Herein, we co-encapsulated AIEgens (TPA-BDTO, T) and SPs (PDPPP, P) by using maleimide terminated amphiphilic polymer (DSPE-PEG2000-Mal, D), then further conjugated the targeting ligands (RGD, R) through “click” reaction. Finally, such dual PTT nanococktail (termed as DTPR) was constructed. When excited by 808 nm laser, AIEgens T would exhibit bright red fluorescence, simultaneously transfered partial energy into SPs P via FRET effect to generate additional heat, together with the intrinsic heat of P (Scheme S1), thus a single laser excited image-guided dual PTT could be realized (Scheme 1). This novel theranostic nanoplatform was designed to contain three parts: (1) a bright red emissive AIEgen T with two-photon absorption property, was not only partially utilized for two-photon fluorescence imaging but also partially acted as the fluorescence resonance energy donor; (2) the RGD peptide with high binding affinity toward αvβ3 integrin receptor, was applied to promote cellular internalization and precision treatment; (3) the SPs P with broad NIR absorption was selected as the photothermal agent and fluorescence resonance energy receptor. In vitro and in vivo experiments uncovered that DTPR nanoparticles could spark severe cell damage, thus triggered dual photothermal efficacy with serious tumor ablation. We expected that this successful demonstration of multifunctional nanoparticles with image-guided dual PTT characteristics would open a new avenue for SPs nanomaterials in anti-cancer applications.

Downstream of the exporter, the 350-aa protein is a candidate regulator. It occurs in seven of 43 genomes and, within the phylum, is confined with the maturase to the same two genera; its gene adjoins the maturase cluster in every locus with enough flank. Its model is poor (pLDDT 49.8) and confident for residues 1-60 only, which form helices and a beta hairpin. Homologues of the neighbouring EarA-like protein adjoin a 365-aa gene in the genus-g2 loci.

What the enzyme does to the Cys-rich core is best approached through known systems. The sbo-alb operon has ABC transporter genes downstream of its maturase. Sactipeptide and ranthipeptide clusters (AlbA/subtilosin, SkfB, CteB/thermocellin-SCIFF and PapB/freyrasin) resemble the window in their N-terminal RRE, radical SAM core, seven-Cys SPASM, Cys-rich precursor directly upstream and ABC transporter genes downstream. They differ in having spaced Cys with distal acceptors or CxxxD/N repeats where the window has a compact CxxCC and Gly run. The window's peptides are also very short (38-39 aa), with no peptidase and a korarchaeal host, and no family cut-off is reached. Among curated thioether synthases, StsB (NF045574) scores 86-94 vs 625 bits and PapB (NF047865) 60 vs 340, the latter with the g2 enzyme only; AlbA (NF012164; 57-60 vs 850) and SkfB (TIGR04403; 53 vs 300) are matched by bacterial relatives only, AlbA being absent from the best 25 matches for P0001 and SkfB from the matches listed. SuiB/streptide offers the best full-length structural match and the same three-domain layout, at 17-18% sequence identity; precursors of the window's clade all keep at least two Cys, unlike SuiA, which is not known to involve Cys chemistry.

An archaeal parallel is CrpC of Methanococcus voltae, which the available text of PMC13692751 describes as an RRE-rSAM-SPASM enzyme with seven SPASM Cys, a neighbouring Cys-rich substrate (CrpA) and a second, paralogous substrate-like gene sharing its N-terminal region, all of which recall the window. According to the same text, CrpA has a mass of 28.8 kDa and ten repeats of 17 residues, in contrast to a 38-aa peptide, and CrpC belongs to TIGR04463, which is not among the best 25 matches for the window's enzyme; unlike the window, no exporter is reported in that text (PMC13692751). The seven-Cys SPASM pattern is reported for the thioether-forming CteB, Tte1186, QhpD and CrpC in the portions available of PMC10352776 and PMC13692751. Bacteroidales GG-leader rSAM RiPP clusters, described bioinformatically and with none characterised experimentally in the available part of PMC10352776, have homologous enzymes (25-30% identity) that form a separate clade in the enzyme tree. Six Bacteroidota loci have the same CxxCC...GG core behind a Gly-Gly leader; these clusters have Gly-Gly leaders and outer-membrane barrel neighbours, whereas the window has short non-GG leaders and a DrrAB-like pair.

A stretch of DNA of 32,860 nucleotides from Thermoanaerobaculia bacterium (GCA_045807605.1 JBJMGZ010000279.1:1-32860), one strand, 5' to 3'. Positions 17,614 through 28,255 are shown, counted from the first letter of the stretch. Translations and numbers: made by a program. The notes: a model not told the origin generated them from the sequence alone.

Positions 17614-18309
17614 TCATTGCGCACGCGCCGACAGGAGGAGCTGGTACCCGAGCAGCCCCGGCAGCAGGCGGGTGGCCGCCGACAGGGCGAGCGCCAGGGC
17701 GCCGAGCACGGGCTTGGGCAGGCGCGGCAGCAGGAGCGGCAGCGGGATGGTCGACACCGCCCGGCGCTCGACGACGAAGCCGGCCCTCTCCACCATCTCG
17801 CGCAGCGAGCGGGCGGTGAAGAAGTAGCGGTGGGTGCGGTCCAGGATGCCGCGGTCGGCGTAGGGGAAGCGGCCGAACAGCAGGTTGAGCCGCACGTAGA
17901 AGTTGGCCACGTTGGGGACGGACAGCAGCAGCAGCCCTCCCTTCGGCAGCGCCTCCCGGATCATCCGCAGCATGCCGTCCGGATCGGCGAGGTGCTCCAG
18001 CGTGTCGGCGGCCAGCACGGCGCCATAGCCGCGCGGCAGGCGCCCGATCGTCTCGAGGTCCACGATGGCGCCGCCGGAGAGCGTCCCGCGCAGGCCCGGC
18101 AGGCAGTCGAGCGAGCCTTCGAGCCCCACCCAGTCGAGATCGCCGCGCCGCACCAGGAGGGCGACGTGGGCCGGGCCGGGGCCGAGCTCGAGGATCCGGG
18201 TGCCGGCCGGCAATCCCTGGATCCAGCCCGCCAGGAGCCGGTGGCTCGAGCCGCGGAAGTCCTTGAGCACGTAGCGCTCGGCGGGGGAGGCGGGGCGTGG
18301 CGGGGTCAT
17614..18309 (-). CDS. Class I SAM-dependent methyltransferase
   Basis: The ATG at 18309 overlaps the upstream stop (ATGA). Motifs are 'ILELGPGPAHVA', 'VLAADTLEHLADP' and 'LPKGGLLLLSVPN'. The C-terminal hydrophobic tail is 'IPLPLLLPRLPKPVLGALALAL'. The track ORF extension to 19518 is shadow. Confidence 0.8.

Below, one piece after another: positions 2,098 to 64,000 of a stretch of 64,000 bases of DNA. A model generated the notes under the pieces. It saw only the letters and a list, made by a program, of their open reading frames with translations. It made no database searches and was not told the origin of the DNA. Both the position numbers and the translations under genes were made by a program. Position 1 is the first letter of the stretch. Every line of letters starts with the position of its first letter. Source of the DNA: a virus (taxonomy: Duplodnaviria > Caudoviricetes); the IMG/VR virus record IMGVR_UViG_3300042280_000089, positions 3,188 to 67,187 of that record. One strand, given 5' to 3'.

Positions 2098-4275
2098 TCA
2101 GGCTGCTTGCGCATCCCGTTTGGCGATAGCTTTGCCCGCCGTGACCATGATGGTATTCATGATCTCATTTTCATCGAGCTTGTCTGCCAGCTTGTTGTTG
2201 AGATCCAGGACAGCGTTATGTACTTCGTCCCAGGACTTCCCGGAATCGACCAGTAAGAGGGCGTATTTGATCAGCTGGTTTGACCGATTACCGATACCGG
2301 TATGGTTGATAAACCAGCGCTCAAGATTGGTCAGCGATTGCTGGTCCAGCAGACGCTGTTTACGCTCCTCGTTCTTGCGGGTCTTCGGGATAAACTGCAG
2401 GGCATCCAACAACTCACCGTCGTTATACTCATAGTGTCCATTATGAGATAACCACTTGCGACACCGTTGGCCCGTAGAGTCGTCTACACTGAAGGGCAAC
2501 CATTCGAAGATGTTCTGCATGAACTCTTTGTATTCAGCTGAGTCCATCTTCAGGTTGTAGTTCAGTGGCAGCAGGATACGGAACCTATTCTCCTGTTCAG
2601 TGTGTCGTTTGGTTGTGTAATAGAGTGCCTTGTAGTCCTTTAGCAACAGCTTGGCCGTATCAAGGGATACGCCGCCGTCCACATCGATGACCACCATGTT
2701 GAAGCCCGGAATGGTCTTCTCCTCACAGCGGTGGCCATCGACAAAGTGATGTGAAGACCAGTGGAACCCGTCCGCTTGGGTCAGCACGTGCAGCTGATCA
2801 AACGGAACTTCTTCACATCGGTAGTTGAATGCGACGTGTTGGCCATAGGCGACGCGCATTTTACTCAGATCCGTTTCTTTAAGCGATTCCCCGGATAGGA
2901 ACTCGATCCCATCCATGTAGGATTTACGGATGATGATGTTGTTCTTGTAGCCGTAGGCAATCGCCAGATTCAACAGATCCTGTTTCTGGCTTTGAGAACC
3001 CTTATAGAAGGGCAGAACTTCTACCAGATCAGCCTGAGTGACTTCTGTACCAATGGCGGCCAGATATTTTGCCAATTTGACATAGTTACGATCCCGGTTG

DTPR was prepared by a nanoprecipitation method [56-59]. T was synthesized on the basis of our former report , while P was prepared by the reported literature . Briefly, 1 mL THF solution containing 0.5 mg T, P (from 0 to 1 mg/mL, according to the doping amount), and DSPE-PEG2000-Mal (2 mg) were quickly injected into 9 mL DI water under continuous sonication at a power output of 300 W for 40 min. After evaporating THF under argon atmosphere, the aqueous solution was filtered via a polythersulfone (PES) syringe-driven filter (0.2 μm) (Millipore), and washed about 3-6 times with a 50 K centrifugal filter units (Millipore) under centrifugation at 5000 r.p.m. for 20 min [59, 62, 63]. Thus obtained DTP solution was concentrated to 1 mL by ultrafiltration and stored at 4 °C for further use. For covalently binding RGD to the surface of DTP, a certain amount of SH-RGD (dissolved in DMSO) was added into 0.5 mL aqueous suspension of DTP nanoparticles (molar ratio of DSPE-PEG2000-Mal and SH-RGD was 1:3). After the solution was oscillated for 36 h at 37 °C, dialysis (cutoff Mw 3500) against DI water was performed for 72 h to remove unreacted SH-RGD and DMSO. The final obtained suspension of DTPR nanoparticles was filtered by a 0.2 μm filter and stored at 4 °C for further use. The DR, DTR, DPR nanoparticles were prepared in a similar way, see Table S1 (Supporting Information) for details.